Eight years ago the market experienced a shock, the repercussions of which are still being felt today. But the market is capable of building immunities over time and a new branch of financial planning called Integrated Asset Management (IAM) is one of them.
So called because it incorporates in depth real estate asset planning into traditional portfolio development, IAM is a safeguard against the kind of market catastrophe that ruined the financial security and retirements of millions of Americans. The reasoning is simple: real estate assets are significant and require specialized considerations that a typical investment advisor may not be educated about. As a result, IAM places investment advisors under the same roof as real estate professionals, functionally marrying to two areas of expertise.
To learn more about this emerging field, I spoke with Andrew Canter, founder and CEO of Canter Companies, about what it is and how it helps its clients.
Q: What are some of the nuances that have to be considered with real estate assets that fall outside of regular wealth management considerations?
Canter: The real estate portion of a portfolio is often overlooked because advisors either are not educated in that area or because their commission structure does not cover long term returns on real estate assets. In fact, many advisors look at a real estate asset as a negative in a client’s portfolio because it is an outflow asset for them. We have found that by having a real estate brokerage in-house our planners are better suited to integrate real estate holdings into a traditional portfolio.
When a financial planner can go to the office next door and speak with a real estate expert who is exposed to the market on a daily basis, it empowers them to approach those assets differently. The typical Registered Investment Advisor (RIA) does not have this ability. Hard assets like real estate have traditionally been viewed differently from non physical assets like stock and bonds. Being able to see and touch real estate makes it approachable for investors. In 2008 many of the most recent generations of investors discovered a harsh reality: real estate is an investment and is subject to highs and lows like most other investments. As such, you need to develop a plan to see how real estate can be used as a tool to help meet long term goals.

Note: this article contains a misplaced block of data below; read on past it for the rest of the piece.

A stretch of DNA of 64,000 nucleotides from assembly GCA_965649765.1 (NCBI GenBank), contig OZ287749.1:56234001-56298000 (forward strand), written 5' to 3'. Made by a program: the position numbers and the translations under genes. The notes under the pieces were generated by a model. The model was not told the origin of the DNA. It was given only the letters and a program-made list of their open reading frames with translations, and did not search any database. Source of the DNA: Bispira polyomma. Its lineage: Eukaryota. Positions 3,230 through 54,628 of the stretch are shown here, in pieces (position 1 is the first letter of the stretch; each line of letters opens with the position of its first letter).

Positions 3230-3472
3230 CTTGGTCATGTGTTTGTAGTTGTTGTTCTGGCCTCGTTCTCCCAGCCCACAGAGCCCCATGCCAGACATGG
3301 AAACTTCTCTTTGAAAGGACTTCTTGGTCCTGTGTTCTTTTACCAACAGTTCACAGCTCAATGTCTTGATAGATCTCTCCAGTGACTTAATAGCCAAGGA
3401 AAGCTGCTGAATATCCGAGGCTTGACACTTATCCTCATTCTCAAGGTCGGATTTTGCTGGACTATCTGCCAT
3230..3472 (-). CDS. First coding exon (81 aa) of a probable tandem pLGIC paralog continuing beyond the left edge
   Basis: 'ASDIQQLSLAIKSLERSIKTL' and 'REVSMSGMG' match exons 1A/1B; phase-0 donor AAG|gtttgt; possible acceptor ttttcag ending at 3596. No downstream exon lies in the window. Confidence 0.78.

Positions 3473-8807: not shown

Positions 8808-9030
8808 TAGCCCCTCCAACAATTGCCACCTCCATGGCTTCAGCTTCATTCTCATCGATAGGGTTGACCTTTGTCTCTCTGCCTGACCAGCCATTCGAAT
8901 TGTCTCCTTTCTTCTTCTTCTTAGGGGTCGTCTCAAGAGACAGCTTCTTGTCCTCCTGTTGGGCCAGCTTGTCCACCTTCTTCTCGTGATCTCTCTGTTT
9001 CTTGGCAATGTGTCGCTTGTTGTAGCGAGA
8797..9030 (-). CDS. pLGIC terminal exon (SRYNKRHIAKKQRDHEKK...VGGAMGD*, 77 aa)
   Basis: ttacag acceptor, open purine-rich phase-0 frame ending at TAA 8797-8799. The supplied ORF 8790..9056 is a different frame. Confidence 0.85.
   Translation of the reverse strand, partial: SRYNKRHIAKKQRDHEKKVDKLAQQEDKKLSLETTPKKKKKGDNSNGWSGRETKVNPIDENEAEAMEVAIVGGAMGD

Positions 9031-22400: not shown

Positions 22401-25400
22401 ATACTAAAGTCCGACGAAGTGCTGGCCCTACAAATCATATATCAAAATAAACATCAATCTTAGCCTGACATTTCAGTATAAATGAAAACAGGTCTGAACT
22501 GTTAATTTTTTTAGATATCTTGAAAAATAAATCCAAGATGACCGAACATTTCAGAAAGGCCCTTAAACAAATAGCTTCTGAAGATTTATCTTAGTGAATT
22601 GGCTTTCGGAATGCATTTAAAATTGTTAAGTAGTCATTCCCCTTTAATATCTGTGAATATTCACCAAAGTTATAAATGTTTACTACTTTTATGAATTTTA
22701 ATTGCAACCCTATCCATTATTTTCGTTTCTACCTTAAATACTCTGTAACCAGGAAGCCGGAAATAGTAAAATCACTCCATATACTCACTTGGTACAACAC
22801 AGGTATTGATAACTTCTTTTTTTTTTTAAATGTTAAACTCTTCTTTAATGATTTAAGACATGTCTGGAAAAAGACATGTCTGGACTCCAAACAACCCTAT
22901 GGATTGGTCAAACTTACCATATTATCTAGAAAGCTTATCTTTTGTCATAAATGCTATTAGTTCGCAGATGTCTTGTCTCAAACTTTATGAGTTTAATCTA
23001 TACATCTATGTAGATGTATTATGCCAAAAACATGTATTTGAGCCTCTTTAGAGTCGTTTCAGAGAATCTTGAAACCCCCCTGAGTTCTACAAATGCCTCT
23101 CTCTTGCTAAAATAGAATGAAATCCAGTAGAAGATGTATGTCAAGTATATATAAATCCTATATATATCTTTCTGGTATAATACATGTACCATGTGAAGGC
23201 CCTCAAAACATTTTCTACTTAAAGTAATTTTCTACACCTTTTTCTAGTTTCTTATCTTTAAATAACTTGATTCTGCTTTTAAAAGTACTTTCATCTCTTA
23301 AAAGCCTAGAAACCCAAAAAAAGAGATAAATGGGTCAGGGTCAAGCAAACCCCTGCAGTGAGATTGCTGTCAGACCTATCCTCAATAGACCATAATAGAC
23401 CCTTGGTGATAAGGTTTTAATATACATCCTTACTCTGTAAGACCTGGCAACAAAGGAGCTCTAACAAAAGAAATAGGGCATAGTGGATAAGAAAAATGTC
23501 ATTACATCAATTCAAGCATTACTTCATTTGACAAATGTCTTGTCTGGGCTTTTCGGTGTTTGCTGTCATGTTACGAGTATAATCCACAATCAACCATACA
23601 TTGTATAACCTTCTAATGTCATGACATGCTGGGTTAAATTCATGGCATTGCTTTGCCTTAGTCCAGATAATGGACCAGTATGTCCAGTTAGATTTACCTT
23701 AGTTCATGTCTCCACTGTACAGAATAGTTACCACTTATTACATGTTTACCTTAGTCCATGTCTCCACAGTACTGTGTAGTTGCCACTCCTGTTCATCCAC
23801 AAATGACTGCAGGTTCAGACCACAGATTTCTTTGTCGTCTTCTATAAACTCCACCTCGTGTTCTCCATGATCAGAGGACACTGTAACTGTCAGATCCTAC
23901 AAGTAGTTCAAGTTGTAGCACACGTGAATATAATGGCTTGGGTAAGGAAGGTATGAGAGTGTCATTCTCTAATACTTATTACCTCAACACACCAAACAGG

Unfortunately, real estate has been lumped into the ever changing “alternative investment” class. Many advisors struggle with explaining the family home as an “alternative asset” to clients, so they do far less analysis or just place it as a static asset in a financial plan.
Q: What demographics have you seen benefit most from Integrated Asset Management?
Canter: Mass-affluent to high net-worth to ultra-high net-worth clients who can see a value in expanding their real estate holdings. The ability to be open and savvy enough to realize that your real estate is often the most valuable asset you might have as an investor is so important and common among our clients.
Q: Are more companies starting to put real estate, investing, and management services under one roof?
Canter: At the moment, Integrated Asset Management is new and few companies have the resources to do it properly. But the need for this service is growing. The market since 2008 has made it clear that real estate assets have to be managed and that a comprehensive financial plan should place adequate emphasis on that piece of a portfolio.
Q: What inspired Canter Companies to pioneer Integrated Asset Management? Was there a particular event or factor?
Canter: We were operating our real estate firm and our investments branch in tandem and realized there was a very apparent gap between the wealth planners responsible for clients’ financial futures and the real estate professionals who handle the largest financial transactions of people’s lives. These two groups shouldn’t be mutually exclusive. We saw an opportunity to provide clients a better experience by marrying the two.
Q: What is the biggest thing people miss in their wealth management when they do not include real estate asset considerations?
Including real estate assets provides an additional layer of diversification which is incredibly important in building out a portfolio over time. Many financial plans are implemented to project and plan for retirement at a certain age for clients. In 2008 people who were counting on selling the family home or an investment property as a major source of capital for retirement income were shocked and felt like their retirement dreams were put on hold at a minimum. Whether it is the family home, a rental duplex, or a strip mall, an in-depth analysis of the performance and value of that real estate needs to be incorporated into every financial plan because every investment can and probably will change in value and impact the plan.
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